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I was testing my authorized_hosts setup, so deleted my local private key. I then successfully ssh'd into my remote server using RSA authentication.

I was expecting to get a permission denied, seeing as there is no longer a private key to guarantee I'm me. Guessing I'm misunderstanding something fundamental. Anyone know what's going on?

It doesn't look like ssh-add is holding my private key:

jake@clyde:~$ sudo pkill -9 ssh-agent
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ssh-add -L lists the public key for any private keys that are loaded; showing the actual private key would probably be insecure. – Ignacio Vazquez-Abrams Feb 14 '11 at 12:32

Your private key may have been loaded into the SSH agent running on your machine. Use ssh-add -L to verify.

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Are you saying if I see the public key when running ssh-add -L, then the private key is loaded? I ran ssh-add -D to delete all identities from ssh-add. It had no effect. root:# pkill -9 ssh_agent also had no effect on my ability to remotely login. – djeikyb Feb 14 '11 at 13:14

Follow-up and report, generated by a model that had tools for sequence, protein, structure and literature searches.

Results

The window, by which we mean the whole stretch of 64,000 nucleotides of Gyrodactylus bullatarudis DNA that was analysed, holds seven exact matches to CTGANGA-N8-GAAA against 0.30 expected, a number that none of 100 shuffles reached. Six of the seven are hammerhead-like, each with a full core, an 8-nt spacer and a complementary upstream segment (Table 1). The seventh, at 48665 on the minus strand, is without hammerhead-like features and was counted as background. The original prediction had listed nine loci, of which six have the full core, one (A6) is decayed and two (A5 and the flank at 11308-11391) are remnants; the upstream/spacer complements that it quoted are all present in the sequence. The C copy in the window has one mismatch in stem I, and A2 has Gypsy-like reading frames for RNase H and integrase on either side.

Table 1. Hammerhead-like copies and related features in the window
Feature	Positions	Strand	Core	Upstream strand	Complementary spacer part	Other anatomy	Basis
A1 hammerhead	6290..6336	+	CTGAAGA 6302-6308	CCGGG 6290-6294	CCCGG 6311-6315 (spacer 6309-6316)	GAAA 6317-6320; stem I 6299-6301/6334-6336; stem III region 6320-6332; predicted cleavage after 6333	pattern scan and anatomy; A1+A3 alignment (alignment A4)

@djeikyb: fyi, it's not ssh_agent but ssh-agent. – grawity Feb 14 '11 at 15:33
Bugger. No matter. Eris knows why, but I kill nined the pid after each pkill, just to be sure. ps auxw|grep ssh showed only the keyring command by the end, which is how I narrowed it down. – djeikyb Feb 14 '11 at 18:12
up vote 0 down vote accepted

Ignacio's suggestion got me thinking. If ssh-agent might be caching my private key (which was proven to not be the case), what else might be? The culprit, of course, was gnome-keyring-daemon. There may be a more elegant way, but smashing it with a hammer felt good (kill -9). Now attempting RSA authentication without a private key in existence fails as expected.

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